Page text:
Large intestinal tumours can sometimes be felt on abdominal palpation and distal colonic/rectal tumours may be palpated per rectum. Animals may be cachexic and dehydrated, with or without abdominal pain. A complete blood count can reveal a mild-to-moderate anaemia and leucocytosis. Abdominal radiographs (including contrast radiography), ultrasonography and colonoscopy are all useful to diagnose and stage colonic tumours. Wide en bloc excision with margins of 4–6 cm is recommended for isolated malignant masses, followed by colonic anastomosis. Pelvic osteotomy may be required to achieve adequate margins in some cases.


The mean survival time after surgical resection of colorectal adenocarcinomas in dogs is 6–22 months; whereas in cats, mean survival time following mass resection alone is 68 days vs. 138 days in cats treated with subtotal colectomy. Chemotherapy does significantly increase survival time for cats with adenocarcinomas but does not seem to make a difference to cats with colonic lymphoma (Slawienski 1997).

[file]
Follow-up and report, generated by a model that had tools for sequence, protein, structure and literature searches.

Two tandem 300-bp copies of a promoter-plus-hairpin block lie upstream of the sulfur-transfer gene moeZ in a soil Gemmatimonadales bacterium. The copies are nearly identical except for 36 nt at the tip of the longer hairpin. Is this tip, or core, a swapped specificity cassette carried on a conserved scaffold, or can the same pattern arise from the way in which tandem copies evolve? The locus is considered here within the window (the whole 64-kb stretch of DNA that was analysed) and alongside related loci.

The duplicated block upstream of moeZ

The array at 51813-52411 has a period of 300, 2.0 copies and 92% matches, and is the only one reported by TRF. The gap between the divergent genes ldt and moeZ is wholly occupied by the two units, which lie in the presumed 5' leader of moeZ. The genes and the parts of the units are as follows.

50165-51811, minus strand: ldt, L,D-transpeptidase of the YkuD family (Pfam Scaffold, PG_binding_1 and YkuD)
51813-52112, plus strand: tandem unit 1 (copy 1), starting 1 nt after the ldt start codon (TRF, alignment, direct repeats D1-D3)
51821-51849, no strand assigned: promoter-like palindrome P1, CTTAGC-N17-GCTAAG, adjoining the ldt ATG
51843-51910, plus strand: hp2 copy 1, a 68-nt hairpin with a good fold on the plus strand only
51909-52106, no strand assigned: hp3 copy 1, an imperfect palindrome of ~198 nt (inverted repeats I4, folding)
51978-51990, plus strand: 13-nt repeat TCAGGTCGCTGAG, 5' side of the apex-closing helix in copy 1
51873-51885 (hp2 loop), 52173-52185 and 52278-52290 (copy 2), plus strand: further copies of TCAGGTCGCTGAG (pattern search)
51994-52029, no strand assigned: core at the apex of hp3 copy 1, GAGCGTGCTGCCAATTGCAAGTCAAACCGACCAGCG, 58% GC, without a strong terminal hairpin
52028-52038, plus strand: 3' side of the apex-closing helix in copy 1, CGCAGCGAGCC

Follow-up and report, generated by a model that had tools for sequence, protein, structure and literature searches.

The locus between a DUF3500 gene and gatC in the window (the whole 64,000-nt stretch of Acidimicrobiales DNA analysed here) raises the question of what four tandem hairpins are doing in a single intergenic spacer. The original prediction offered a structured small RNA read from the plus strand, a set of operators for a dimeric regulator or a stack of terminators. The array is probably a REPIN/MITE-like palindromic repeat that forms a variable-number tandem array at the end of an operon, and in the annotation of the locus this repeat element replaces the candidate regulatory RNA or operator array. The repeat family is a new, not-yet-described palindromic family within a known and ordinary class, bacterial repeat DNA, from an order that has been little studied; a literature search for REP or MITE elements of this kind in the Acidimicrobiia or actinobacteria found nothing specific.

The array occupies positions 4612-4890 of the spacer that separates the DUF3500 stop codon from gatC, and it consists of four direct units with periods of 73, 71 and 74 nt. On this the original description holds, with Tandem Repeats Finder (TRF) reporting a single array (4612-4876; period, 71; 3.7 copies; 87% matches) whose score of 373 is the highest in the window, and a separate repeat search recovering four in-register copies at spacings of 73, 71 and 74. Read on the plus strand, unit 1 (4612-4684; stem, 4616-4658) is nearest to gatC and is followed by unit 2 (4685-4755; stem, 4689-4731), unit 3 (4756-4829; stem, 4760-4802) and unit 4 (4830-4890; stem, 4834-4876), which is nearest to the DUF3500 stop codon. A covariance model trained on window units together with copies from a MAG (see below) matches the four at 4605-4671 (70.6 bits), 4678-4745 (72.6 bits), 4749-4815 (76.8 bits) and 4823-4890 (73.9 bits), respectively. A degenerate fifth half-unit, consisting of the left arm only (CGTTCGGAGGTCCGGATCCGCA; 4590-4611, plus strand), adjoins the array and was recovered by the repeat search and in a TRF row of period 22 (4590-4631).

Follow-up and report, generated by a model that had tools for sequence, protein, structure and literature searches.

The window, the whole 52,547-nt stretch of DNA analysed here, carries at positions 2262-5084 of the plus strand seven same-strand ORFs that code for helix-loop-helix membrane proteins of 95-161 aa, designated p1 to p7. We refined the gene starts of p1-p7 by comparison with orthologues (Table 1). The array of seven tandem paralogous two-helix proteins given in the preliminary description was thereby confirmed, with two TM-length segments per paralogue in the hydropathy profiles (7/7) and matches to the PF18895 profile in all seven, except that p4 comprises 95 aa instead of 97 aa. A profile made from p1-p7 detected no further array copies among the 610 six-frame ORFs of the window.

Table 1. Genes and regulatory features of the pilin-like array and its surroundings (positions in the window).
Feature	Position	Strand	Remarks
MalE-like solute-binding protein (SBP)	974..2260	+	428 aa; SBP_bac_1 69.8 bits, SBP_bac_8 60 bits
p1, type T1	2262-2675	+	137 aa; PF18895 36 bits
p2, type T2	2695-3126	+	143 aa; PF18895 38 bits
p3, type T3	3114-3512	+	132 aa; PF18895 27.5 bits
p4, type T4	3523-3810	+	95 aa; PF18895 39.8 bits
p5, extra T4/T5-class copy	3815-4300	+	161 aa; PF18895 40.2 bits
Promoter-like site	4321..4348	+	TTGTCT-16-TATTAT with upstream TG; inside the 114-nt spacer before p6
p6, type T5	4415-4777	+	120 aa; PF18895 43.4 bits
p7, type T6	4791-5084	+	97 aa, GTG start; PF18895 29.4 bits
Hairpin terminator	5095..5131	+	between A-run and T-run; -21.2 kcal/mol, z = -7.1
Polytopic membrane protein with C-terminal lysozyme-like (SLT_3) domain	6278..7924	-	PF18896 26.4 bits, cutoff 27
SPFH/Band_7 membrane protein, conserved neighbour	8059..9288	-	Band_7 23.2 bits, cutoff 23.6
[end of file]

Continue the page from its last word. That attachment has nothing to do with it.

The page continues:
Colorectal Neoplasia

Benign leiomyoma and adenomatous polyps are commonly seen in dogs, with adenomatous polyps being the most frequently reported colorectal tumour. There is evidence that, as with familial polyposis in humans, malignant transformation can occur in approximately 25% of cases. In the dog, malignant tumours include adenocarcinoma, leiomyosarcoma and lymphosarcoma. The ratio of benign-to-malignant tumours is approximately 40:60. In the cat, adenocarcinoma is the most commonly reported tumour, followed by lymphoma and mast cell tumours. The median age for colorectal tumours is 6–9 years in dogs and 12 years for cats.

Patients with large intestinal and rectal tumours consistently present with dyschezia and/or haematochezia, though signs such as anal discharge, frank haemorrhage, increased faecal frequency or constipation are also seen. Occasionally, owners will notice a temporary prolapse of a mass after the patient has defecated.